How I Learned to Stop Being an Idiot and Love Jonathan Hickman
This is a little parable about my thick skull and how doing amazing work for hire can be an incredibly powerful tool for promoting your creator-owned career.
When Jonathan Hickman's comics debut "The Nightly News" came onto the scene back in 2006, I let it pass me by. Yeah, it looked interesting and unique; yeah, it was garnering rave reviews; but it was also different, and who knows if it'd ever go anywhere, so I just sort of quietly forgot about it, and let it, "Pax Romana", "Transhuman" and "Red Mass for Mars" pass me by without even really giving them a fair glance. I mean, sure, they were probably stuff I'd get to at some point, but until then I had some Grant Morrison and Matt Fraction comics to keep me busy.
I'm not saying this is a thought process I'm proud of, just that it was what it was.
So cue the beginning of 2009 – "Secret Invasion" just wrapped up at Marvel, and Brian Michael Bendis had too full of a plate to handle all the titles he wanted to write, one of which was an ongoing centering around Nick Fury and a group of young secret agents. He still felt it was a story that needed to be told, though, so he brought in indie wunderkind Jonathan Hickman to co-write the first arc with him, and then inherit the title. That book was "Secret Warriors," and it was one of the best books of 2009.Like Hickman's creator-owned work – which I've recently powered through, and more on that later – it's incredibly intricate plotwise, but with a sort of well-defined economy of character. This guy is the hothead, this guy is the chick with speed powers trying to run away, this guy is the kid demigod. When Grant Morrison wrote "Final Crisis" #7, he said he had in mind a sort of "channel-zapping", "Crank 2"-inspired approach where the narrative is distilled down to its most important discrete, distinct moments and the reader is required to fill in the continuous gaps with a kind of narrative calculus.
This is the approach Hickman takes to all of his work, completely naturally – even all the way back to "Nightly News," which far predates "Final Crisis." If I had to define Hickman's two greatest strengths as a writer, they would be structure and economy, his ability to balance a large cast with a complex and rapidly progressing plot via the pure power of methodical planning. For the most part, his plots are bulletproof and every aspect of his stories broadly well-defined; with the exception of Nick Fury and probably Alex, everyone in "Secret Warriors" is painted with fairly broad strokes.
So it surprised me when he followed this up with "Fantastic Four," after the generally underwhelming Mark Millar/Bryan Hitch run (which partially wasn't the fault of the creators, due to health reasons) with a concentrated blast of character-driven insanity. His "Fantastic Four" run has been a mile-the-minute torrent of ideas, from the Council of Reed Richardses to the Universal Inhumans to the apocalyptic Black Hole Sun world that Nu-Earth has become. It's exciting and fresh and new, and it's smart, and it contains the fundamental hopefulness that defines the general tenor of "Fantastic Four" comics.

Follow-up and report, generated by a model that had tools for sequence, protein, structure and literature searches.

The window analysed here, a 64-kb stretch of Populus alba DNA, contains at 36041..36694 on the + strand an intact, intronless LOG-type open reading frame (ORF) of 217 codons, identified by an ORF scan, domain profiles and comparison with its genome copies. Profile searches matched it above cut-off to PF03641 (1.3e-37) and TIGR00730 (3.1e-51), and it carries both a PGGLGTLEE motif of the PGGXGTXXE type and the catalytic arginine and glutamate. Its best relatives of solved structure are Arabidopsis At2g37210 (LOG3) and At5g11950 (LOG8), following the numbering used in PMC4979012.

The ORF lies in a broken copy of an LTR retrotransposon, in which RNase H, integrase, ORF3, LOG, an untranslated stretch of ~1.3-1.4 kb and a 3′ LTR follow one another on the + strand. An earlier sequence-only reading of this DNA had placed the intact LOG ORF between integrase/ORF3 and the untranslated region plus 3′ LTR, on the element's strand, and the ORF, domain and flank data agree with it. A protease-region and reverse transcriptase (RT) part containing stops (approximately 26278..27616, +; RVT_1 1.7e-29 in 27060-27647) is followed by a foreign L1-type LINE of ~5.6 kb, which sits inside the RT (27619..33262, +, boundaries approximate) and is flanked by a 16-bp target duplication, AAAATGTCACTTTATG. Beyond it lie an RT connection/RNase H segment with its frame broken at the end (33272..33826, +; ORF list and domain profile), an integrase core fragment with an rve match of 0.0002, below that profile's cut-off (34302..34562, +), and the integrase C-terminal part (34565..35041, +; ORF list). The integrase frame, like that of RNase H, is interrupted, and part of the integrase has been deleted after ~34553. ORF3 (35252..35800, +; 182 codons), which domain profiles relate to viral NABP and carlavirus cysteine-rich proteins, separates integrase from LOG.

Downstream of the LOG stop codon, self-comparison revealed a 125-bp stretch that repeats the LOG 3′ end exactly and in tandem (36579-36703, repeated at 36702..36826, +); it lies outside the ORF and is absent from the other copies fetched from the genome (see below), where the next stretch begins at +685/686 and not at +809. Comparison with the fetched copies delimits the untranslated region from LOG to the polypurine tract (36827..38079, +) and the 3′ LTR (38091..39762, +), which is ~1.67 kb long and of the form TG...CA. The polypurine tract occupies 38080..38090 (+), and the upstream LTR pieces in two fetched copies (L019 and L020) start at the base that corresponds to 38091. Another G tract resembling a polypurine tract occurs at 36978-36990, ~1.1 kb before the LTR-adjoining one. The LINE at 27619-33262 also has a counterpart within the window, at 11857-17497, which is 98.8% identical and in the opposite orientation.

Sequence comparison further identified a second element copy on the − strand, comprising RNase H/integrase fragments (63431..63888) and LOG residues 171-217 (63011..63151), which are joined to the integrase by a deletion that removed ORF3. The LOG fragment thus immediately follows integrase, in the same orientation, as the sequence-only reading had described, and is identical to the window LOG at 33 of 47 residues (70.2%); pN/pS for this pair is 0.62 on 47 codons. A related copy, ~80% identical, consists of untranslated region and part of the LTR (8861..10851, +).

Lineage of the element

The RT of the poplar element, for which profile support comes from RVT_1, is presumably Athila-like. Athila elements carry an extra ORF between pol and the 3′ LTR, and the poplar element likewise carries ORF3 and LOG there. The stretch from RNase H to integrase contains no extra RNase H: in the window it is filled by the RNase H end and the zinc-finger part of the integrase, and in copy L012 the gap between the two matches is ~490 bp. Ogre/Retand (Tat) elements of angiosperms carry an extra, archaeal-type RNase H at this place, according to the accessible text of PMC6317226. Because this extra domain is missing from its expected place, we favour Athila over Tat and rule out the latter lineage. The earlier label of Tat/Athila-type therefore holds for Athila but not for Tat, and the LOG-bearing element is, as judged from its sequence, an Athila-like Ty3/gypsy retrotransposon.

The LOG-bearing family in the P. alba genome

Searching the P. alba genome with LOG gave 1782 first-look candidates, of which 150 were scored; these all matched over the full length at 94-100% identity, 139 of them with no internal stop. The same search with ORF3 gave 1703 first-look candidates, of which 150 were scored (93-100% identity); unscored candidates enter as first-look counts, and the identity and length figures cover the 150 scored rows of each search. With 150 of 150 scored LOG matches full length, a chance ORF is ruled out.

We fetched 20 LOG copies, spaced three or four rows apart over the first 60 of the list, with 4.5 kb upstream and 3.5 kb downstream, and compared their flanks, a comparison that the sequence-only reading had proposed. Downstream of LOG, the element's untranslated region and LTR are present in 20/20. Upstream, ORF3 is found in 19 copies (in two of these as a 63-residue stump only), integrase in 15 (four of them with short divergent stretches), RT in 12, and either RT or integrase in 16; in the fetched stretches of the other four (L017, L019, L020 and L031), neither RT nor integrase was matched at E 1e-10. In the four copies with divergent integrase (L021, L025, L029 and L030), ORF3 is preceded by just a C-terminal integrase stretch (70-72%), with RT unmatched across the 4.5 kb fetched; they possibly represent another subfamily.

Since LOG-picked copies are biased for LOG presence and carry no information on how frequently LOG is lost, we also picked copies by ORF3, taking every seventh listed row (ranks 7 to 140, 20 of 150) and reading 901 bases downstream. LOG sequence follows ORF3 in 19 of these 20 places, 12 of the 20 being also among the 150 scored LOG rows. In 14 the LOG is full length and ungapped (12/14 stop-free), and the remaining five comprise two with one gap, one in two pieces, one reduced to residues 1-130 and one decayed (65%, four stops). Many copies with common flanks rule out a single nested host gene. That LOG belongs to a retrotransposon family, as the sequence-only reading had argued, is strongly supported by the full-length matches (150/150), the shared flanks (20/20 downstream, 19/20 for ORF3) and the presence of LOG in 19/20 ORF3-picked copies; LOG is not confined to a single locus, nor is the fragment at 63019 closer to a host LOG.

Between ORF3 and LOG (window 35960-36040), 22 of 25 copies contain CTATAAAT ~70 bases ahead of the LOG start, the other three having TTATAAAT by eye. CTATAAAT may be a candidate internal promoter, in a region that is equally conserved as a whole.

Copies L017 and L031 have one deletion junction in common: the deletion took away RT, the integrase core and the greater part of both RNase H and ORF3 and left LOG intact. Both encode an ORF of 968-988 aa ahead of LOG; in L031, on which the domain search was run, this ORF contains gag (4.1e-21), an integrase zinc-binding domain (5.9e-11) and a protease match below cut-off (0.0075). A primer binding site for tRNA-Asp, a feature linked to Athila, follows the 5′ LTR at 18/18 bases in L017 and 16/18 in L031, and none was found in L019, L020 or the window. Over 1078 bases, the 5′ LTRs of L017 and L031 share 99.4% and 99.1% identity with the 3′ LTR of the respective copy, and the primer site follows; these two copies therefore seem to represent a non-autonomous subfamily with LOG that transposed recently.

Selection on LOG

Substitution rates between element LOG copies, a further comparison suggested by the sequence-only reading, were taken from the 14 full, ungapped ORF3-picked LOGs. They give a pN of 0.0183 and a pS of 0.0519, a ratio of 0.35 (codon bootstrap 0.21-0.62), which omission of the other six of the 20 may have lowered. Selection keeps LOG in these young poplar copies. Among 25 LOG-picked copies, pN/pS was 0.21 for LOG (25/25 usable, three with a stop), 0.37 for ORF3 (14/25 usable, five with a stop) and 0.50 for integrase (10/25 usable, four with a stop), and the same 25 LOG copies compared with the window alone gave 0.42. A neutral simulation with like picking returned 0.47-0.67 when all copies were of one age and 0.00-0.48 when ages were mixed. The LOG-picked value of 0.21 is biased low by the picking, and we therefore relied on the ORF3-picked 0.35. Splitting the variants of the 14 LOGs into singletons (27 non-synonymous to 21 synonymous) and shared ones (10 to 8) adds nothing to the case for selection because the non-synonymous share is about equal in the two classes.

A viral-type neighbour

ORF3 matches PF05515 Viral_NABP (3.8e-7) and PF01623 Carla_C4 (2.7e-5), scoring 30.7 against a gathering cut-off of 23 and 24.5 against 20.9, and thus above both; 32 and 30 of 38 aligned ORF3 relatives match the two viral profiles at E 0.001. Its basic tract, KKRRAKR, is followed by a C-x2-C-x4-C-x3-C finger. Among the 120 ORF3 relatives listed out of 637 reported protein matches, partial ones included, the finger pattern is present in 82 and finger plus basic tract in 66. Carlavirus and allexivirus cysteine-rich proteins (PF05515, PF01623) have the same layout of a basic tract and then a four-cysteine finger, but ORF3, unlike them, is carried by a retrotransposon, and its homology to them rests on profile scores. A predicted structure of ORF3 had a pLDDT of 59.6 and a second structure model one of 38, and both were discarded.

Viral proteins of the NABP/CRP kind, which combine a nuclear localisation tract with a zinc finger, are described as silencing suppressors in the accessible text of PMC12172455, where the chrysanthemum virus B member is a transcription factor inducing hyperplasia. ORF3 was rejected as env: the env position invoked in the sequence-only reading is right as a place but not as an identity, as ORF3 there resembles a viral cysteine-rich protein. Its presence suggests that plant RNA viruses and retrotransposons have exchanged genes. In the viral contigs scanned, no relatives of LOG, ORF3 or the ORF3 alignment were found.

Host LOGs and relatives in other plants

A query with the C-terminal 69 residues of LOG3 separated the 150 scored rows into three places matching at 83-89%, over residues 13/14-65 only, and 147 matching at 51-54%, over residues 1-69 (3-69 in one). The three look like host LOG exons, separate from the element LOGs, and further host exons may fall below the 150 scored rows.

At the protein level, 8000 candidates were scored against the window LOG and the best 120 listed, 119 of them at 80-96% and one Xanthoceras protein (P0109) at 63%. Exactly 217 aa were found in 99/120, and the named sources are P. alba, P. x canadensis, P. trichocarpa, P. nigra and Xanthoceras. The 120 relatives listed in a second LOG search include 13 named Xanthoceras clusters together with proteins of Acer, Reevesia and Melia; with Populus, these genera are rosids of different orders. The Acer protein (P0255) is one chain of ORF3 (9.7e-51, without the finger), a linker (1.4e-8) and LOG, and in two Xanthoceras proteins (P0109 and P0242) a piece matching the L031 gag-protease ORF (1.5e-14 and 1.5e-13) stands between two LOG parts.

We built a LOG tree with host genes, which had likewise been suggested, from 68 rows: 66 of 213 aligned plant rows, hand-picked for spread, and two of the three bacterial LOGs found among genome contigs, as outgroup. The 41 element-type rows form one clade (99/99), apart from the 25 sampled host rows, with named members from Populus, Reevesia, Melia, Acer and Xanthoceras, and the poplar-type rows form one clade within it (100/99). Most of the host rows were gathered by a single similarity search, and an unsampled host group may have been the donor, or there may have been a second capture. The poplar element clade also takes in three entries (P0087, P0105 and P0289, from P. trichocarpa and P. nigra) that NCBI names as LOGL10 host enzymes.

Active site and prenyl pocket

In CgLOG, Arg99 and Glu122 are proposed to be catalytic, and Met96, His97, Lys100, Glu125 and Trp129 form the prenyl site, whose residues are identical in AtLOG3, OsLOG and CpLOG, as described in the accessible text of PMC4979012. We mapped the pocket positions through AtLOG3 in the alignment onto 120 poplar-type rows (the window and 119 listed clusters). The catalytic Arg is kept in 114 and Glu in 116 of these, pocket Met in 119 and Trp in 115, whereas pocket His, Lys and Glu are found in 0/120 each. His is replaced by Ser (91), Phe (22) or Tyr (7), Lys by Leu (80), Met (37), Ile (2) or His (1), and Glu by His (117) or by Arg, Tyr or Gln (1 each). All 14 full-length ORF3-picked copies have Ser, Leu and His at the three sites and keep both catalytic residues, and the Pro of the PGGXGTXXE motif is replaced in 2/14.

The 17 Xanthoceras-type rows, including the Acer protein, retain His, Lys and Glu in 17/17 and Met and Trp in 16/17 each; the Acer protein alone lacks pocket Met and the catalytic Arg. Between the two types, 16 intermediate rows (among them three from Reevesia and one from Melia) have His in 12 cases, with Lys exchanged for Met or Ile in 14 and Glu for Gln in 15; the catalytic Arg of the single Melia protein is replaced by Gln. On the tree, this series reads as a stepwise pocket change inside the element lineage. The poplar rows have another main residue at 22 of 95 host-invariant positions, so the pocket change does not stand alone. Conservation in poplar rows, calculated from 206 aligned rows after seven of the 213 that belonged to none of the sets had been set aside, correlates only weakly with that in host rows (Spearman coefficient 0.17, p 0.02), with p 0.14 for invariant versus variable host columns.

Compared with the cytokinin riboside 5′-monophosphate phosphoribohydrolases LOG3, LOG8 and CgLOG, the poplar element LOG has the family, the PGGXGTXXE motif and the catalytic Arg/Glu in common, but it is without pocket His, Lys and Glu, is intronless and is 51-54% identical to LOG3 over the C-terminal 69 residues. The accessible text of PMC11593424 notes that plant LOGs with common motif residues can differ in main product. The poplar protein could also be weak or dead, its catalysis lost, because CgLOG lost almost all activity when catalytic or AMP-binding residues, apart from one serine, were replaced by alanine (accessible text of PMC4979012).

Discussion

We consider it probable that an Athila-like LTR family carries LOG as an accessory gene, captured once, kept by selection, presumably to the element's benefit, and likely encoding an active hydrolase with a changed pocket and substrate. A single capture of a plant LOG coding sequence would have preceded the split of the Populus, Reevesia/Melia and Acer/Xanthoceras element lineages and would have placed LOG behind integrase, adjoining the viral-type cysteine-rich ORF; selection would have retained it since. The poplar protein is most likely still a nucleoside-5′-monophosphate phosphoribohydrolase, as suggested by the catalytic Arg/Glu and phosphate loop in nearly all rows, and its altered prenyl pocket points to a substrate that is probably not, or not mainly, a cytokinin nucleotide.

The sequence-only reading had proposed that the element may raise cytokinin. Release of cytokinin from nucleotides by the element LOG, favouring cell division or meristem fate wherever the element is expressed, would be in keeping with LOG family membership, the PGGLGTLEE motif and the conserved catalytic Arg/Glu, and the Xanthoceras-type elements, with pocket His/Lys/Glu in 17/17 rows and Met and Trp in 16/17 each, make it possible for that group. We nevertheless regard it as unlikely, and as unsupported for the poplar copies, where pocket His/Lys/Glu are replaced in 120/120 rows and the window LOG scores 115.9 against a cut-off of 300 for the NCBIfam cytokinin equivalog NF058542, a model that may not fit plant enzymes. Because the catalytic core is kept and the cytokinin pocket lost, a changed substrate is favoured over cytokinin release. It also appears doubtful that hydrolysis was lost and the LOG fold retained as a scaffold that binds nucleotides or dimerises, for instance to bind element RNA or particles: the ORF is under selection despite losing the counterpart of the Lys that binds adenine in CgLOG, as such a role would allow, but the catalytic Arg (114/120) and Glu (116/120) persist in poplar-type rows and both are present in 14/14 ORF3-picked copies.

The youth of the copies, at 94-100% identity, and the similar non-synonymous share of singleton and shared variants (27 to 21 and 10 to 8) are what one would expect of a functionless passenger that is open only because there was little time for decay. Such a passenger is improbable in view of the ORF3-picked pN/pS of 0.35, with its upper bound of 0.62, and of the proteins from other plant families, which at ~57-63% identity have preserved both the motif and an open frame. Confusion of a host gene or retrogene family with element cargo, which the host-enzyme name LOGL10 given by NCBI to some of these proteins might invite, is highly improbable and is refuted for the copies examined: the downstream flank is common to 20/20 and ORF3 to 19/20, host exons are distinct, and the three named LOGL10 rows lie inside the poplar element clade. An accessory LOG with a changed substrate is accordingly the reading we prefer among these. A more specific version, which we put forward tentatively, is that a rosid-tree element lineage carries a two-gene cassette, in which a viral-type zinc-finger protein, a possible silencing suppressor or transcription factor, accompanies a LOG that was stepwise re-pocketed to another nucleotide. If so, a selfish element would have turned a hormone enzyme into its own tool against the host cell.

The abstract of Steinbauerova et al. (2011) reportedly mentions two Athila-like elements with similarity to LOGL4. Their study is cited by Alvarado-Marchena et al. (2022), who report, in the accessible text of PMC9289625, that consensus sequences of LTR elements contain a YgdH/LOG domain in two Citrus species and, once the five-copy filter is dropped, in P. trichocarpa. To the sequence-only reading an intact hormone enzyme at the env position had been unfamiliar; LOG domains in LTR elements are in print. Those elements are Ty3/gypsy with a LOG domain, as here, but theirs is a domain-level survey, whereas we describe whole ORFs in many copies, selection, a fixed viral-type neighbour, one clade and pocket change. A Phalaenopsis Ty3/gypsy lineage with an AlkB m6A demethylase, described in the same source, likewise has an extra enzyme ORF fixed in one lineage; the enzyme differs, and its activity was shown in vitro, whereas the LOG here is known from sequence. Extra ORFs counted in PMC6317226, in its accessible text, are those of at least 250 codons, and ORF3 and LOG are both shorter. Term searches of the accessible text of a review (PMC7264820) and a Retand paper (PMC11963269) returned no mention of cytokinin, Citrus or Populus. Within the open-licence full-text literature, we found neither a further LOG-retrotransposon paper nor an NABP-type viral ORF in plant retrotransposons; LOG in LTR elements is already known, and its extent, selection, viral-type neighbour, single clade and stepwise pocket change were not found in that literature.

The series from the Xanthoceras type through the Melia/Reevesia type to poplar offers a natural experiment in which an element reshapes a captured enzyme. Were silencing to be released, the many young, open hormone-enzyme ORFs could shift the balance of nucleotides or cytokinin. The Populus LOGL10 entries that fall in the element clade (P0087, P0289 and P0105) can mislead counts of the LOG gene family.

But maybe even more than that, it has something "Secret Warriors" and his creator-owned titles didn't: in-depth characterization. His vision of all of the Fantastic Four is vivid, but I think his best-defined characters are actually the children: Franklin and Valeria.
The book absolutely glows when Hickman gets his hands on those kids, and that's when I realized, as a reader, that I had completely misjudged Jonathan Hickman. His work on "Fantastic Four" showed me he wasn't just some kind of cold mechanical plotsmith like I'd originally envisioned; indeed, it's what inspired me to go back and read all of his creator-owned work, since clearly there was something I had missed, or I wasn't approaching it from the right perspective. So I tracked down "Nightly News," and long story short: it turns out I was an idiot. Reading it seriously made it fairly evident that he burned with a personal creative fire. He's a dude relating his experiences and worldview, just like everyone else I loved.
"Nightly News" resonates with the punk-rock eat-it fervor of a new artist staking his claim; "Pax Romana" is more mature, benefiting from both a more expansive high concept and a spelling/grammar check. "Transhuman" was amusingly pathetic, the kind of piss-take on humanity that Warren Ellis does so well but filtered through Hickman's unique lens. Out of all of his trade-available creator-owned work, "Transhuman" is definitely the funniest; all of Hickman's work reflects the basic theme of the limitlessness of the potential of human progress and endeavor, but "Transhuman" is a clever parable about humanity's ingenuity driving itself into an evolutionary dead end.
They're all absolutely excellent comics, and stuff I'll come back to, fully justifying their prices. So why was I so silly as to write Hickman off in the first place? If there's anything I've learned, it's this: Mainstream superhero work is, at least in my case (and I know in many others), a fantastic gateway to someone's creator-owned work, and in a way the perfect promotional device for their own stuff.
In the creator-owned vs. superheroes war that seems to be constantly ongoing, sometimes it's important to remember that keeping a solid foot in both worlds can lead to both some pretty damn awesome superhero comics and leading numbskulls like me to finally discover and appreciate your great creator-owned work. Comics are one of the few areas where the writer deliverables are small enough for people to keep feet wading in both their own and others' pools, when it comes to intellectual property – take advantage of it! Use your fanbase from Superman and Green Lantern comics, Thor and Nick Fury comics, to tell your own stories. It's the new recipe for success.